Dec 23

How to Find Contentment

There are really two ways to become more content with life, as contentment is really just a comparison between what is actually happening to us and what we expect or desire to happen to us. When these match or our expectations are exceeded we are content. Humans do not perceive absolutes very well. Unless we are in destitute poverty without enough food or water, or we are freezing to death with no shelter we only know if we are doing well by looking around and comparing ourselves to others. If others have better or more stuff than us then we are relatively poor. If they appear more comfortable and happy then we are less comfortable and less happy, and we suffer. It is this gradient that we see, and often we allow ourselves to feel sorry for ourselves when the gradient becomes too great.


The problem with this is we are using things we cannot control to influence our emotional state. If we were to design a brain from first principals this would be the exact opposite of what we would do. Maybe hundreds or thousands of years ago when everything was scarce and our survival depended upon it this was useful, but for most of us reading this, living in the absolute abundance of the first world, our brain is now just a tool for amplifying suffering that does not really exist.


Let’s say I am driving around in a 16 year old car (I was doing this until very recently). It lacks many of the standard features that come with basic cars today. It is small and underpowered relative to newer cars. It has a few minor things that are slightly annoying but don’t affect its driving performance. When I look around I see that the vast majority of people have ‘better’ cars than me. If I don’t carefully think about this situation I may just wander into a car dealership and upgrade to a new car, one that is now better than most on the road. This will bring a temporary feeling of well being as anyone who has bought a new car can attest to.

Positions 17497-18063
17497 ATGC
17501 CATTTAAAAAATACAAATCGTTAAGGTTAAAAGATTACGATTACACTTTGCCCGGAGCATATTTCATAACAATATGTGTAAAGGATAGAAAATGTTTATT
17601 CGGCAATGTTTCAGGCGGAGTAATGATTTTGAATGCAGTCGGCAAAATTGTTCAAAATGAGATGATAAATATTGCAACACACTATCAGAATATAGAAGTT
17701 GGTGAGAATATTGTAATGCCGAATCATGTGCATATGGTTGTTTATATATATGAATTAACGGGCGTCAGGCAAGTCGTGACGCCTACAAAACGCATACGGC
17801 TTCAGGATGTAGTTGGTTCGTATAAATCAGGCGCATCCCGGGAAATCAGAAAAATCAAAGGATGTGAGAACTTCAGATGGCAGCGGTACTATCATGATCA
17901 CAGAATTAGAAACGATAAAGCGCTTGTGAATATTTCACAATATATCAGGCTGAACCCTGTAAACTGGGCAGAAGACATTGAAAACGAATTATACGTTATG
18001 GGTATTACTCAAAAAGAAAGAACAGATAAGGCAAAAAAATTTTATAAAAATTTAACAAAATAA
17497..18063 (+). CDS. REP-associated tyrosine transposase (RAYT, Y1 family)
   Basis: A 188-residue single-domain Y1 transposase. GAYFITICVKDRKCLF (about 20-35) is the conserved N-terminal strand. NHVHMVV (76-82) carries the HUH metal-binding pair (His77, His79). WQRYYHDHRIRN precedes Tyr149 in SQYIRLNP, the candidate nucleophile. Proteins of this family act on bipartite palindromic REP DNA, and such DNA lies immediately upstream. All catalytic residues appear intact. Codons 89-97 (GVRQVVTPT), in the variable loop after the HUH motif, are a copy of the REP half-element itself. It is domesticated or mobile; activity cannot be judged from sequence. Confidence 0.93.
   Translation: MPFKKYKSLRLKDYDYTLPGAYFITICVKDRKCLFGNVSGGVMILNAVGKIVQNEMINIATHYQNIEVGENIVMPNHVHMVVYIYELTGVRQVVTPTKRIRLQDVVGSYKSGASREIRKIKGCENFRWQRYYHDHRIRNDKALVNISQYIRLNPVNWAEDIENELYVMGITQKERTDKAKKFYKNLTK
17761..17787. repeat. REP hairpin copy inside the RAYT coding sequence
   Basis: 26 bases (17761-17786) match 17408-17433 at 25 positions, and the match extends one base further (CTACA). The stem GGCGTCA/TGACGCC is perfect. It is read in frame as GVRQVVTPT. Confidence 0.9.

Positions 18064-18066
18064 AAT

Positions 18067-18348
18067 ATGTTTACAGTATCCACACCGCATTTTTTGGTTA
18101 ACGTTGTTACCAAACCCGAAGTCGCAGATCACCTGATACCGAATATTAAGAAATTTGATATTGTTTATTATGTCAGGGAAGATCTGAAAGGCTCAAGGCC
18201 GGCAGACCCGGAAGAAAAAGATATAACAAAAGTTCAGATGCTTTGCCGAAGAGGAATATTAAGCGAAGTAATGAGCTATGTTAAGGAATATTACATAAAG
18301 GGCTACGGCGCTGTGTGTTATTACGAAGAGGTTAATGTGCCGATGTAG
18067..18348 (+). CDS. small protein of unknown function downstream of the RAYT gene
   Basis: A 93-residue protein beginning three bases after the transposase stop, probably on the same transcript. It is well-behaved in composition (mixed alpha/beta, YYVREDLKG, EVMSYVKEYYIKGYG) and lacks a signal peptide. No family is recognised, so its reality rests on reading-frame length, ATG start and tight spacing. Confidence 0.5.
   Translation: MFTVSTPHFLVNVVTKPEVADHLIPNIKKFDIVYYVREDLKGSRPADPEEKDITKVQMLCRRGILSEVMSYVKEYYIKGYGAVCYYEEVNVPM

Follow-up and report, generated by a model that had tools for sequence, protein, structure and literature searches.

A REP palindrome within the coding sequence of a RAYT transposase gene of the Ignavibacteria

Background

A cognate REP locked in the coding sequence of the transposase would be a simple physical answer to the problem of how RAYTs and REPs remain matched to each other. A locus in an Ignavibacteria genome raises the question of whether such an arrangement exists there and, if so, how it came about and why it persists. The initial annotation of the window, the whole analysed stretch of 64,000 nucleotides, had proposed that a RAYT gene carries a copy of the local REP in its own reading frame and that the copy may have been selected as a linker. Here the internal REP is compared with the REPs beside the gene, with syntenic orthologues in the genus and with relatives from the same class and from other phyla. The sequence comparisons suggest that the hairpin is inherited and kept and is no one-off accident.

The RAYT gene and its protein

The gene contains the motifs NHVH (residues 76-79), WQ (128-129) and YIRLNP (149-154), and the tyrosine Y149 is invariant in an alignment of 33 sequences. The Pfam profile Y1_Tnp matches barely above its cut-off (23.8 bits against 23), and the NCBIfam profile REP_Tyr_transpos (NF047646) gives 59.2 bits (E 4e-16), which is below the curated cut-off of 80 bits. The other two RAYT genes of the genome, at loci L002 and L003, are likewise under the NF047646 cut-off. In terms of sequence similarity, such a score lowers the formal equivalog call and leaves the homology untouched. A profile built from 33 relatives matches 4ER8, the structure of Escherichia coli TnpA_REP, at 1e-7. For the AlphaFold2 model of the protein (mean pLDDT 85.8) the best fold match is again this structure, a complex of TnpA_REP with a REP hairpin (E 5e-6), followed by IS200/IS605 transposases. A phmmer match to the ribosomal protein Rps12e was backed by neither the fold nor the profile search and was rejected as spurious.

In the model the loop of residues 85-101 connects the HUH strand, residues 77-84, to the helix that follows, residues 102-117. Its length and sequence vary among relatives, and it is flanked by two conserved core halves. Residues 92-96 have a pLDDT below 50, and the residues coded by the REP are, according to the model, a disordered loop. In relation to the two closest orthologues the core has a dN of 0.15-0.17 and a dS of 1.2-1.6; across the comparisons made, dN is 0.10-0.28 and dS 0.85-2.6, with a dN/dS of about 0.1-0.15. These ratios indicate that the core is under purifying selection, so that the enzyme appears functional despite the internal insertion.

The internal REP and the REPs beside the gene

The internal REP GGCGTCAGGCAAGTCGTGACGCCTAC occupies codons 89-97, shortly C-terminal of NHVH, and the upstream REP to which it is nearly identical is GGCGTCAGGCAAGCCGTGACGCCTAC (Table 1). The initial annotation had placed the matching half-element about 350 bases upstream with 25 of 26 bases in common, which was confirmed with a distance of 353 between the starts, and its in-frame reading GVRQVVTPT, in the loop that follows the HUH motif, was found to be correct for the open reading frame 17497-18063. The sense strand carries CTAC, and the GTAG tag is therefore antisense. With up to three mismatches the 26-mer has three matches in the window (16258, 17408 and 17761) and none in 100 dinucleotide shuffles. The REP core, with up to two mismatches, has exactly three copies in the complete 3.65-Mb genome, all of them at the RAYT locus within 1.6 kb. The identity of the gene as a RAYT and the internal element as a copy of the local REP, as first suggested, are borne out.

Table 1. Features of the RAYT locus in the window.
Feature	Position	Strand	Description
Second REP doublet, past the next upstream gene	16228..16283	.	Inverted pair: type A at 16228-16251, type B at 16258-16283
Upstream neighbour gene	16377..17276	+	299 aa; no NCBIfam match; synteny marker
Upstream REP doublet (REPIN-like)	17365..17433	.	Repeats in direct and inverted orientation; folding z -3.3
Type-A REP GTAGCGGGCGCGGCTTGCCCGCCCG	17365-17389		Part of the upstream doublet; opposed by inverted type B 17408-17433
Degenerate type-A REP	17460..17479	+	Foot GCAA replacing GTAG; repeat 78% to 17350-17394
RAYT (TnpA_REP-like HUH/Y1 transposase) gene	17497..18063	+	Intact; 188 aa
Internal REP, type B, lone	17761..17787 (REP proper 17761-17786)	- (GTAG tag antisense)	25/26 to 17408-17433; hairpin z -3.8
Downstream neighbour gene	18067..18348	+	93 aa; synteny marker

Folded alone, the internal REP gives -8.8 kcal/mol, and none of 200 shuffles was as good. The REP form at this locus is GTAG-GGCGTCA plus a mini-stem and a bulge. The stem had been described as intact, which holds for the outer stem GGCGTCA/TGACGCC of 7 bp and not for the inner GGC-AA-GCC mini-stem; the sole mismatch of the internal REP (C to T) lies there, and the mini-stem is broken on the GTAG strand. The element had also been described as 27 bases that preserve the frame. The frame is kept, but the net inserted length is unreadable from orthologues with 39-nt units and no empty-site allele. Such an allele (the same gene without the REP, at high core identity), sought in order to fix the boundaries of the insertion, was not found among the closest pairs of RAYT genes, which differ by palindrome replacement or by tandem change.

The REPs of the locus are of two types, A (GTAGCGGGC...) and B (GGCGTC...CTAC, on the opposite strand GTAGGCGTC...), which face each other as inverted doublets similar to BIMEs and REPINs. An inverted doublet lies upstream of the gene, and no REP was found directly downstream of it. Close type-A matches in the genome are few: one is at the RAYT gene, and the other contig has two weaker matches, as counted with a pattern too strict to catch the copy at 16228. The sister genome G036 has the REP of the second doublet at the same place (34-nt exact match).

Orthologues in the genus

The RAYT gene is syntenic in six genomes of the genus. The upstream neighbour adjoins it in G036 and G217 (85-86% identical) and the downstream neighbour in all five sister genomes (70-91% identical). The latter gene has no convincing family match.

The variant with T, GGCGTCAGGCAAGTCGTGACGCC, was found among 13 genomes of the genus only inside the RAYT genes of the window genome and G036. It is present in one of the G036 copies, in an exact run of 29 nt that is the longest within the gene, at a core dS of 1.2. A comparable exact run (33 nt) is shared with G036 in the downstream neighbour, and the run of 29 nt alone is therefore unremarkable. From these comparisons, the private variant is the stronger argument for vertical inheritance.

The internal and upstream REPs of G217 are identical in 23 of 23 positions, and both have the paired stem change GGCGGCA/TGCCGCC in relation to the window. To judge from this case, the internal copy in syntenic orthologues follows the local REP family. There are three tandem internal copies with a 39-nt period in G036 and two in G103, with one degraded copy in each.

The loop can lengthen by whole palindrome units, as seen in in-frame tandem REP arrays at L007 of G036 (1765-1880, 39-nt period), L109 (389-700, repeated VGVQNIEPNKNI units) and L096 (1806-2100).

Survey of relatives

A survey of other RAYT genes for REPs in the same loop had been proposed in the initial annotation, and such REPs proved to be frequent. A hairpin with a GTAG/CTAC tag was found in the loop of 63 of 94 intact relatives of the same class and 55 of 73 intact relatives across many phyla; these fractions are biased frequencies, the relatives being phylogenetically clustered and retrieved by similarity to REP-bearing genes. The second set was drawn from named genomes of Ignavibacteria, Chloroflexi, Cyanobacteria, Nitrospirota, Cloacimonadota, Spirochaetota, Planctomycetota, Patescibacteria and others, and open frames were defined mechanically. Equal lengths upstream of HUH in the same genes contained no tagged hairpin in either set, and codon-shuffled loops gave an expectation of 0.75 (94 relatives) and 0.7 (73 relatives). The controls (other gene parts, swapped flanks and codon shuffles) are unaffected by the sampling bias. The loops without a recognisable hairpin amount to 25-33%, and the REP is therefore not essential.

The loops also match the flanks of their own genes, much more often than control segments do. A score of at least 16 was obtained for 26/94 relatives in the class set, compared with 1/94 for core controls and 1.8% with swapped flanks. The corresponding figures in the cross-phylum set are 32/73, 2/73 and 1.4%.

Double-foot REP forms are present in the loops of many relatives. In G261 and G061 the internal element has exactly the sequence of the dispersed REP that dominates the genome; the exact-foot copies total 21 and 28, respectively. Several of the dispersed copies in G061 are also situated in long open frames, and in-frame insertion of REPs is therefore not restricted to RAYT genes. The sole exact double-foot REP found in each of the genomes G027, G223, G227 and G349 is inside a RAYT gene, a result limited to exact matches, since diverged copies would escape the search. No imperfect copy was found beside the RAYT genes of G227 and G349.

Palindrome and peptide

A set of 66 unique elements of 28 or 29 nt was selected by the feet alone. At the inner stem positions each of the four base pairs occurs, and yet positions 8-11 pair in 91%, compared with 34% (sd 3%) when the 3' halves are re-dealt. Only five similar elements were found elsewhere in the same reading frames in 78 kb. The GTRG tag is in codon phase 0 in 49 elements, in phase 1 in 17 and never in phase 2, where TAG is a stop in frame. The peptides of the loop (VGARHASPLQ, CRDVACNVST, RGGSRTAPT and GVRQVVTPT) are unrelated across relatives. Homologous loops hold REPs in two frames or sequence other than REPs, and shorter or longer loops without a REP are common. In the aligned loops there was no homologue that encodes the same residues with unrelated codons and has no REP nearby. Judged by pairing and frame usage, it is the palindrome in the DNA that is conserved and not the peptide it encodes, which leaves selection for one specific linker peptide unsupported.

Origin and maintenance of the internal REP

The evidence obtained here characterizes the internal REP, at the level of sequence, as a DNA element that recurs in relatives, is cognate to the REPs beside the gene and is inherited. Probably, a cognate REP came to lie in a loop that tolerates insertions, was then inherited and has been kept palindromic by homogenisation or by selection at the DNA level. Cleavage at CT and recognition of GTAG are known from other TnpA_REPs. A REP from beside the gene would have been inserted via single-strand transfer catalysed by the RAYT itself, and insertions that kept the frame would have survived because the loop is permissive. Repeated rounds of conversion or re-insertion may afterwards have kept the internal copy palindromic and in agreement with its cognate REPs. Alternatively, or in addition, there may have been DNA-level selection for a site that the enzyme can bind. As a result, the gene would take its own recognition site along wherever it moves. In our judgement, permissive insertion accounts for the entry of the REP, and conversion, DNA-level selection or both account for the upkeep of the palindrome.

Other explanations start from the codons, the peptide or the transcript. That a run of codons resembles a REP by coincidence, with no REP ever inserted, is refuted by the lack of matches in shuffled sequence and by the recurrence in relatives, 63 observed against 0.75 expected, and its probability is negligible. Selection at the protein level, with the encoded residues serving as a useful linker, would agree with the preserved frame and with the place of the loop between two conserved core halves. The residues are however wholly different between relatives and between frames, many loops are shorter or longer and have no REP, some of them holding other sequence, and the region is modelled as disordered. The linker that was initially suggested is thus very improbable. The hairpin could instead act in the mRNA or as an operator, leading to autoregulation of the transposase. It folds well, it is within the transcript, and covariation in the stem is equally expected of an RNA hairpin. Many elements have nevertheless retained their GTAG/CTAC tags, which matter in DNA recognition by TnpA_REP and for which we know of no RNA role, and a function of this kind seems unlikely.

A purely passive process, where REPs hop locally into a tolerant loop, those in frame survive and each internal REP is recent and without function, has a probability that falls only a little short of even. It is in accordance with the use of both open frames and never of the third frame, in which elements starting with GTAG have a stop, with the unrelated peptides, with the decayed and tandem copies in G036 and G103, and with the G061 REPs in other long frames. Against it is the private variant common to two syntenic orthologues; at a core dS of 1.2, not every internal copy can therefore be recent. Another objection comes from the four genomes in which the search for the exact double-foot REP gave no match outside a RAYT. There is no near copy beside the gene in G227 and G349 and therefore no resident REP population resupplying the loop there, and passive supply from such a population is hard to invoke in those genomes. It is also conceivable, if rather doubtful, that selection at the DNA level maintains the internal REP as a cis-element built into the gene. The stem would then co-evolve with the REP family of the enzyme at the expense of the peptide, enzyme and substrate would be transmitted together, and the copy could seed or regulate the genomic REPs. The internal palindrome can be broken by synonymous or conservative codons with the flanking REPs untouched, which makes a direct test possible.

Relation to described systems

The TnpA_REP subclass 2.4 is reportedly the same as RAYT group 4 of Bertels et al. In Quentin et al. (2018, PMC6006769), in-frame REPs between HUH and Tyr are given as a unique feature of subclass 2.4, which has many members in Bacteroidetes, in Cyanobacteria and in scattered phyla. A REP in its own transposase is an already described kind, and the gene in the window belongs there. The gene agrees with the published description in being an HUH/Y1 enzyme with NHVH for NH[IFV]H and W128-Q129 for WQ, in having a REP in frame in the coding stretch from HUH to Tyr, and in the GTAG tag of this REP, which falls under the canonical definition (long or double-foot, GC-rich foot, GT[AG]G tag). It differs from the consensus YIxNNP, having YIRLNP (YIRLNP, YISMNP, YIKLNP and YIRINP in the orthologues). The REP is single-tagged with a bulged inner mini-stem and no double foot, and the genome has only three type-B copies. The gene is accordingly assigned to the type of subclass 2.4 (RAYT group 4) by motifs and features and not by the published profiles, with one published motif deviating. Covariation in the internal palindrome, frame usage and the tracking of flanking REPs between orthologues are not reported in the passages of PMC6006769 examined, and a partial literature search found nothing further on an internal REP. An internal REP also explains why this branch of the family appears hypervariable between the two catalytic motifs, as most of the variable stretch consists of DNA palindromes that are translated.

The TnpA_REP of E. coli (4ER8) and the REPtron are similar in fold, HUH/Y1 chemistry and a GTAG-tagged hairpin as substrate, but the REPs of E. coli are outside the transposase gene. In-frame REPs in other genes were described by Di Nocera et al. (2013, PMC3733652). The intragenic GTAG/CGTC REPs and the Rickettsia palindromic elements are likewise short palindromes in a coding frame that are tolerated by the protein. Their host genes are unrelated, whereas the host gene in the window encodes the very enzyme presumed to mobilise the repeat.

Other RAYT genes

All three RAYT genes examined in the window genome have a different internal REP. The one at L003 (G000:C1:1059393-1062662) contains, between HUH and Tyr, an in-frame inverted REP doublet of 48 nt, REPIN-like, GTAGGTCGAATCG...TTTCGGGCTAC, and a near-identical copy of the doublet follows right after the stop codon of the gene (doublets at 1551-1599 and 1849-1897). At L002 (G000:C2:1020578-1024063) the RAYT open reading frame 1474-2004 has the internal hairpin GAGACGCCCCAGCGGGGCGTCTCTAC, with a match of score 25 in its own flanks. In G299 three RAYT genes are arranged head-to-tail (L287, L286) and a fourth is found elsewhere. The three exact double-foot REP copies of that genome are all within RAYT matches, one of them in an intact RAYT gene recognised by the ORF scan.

This happens all the time. We want “better” because we feel we are missing out. Someone has something better than us, so they must be happier. Cars, houses, phones, wine, spouses; it doesn’t matter really. We are slaves to our desire for “better” and many times the pursuit makes us miserable. Most of us keep spinning on the hamster wheel trying to catch up to our desires, whereas the deceptively easier route is to simply retrain our mind to desire less. This seems like madness to many, after all why would I want to desire less? Wouldn’t that make me more miserable? It turns out no; this is exactly 100% wrong. Remember that the vast majority of the time we only detect the gradient, not the absolute.


Let’s return to the car example. Instead of lamenting the 16 year old (totally paid off and dirt cheap to maintain) car by comparing to others around us with $70k luxury SUVs and monster trucks we only need to travel back in time a few hundred years and realize we have something that no one even dreamed of owning. For a couple hours of work most of us can jump in our car and travel hundreds of miles in any direction in complete climate controlled luxury. We can listen to our favorite song and carry hundreds if not thousands of pounds of our favorite possessions with us.  If our passengers get bored it is likely they can pull out powerful supercomputers from their pockets and access an unlimited amount of information and entertainment in all but the most remote places. For a few cents a day we can insure that someone will drive out to help us in case we suffer a mechanical breakdown, run out of gas or get a flat tire. We do not need to worry about hostile natives, breaking a wagon wheel, running out of food or dying of dysentery. It’s absurd how good most of us have it.


Holy %&^$! When we frame it this way we realize that we are living like kings. We have mastered our environment like someone 200 years ago couldn’t have dreamed. I replaced that 16 year old car a couple years ago, but looking back at it I almost feel a little embarrassed for the reasons why. I just wanted something better. More power, more safety (maybe a legitimate reason actually), more convenience. I spent my life energy though. It is a nice car and I enjoy it, but at the end of the day it doesn’t really make me any happier. Yeah the heated seats are nice on really cold days and I enjoy the quieter ride. The fact that podcasts and music automatically start playing from my phone through the speakers is kind of cool. It is my new normal though. The gradient is gone and I am back to baseline. I guess I am not immune to hedonic adaption. None of us are.


If we are not careful this can seep into every nook and cranny of our lives. Better clothes, fancier wine and a sleeker faster iPad. They all seem reasonable, but just know they will not make you happier. They will make you poorer however. This is not a problem if you live beneath your means and are happy to trade your life energy for money in whatever your job is, but it is a problem if you do not fit this profile.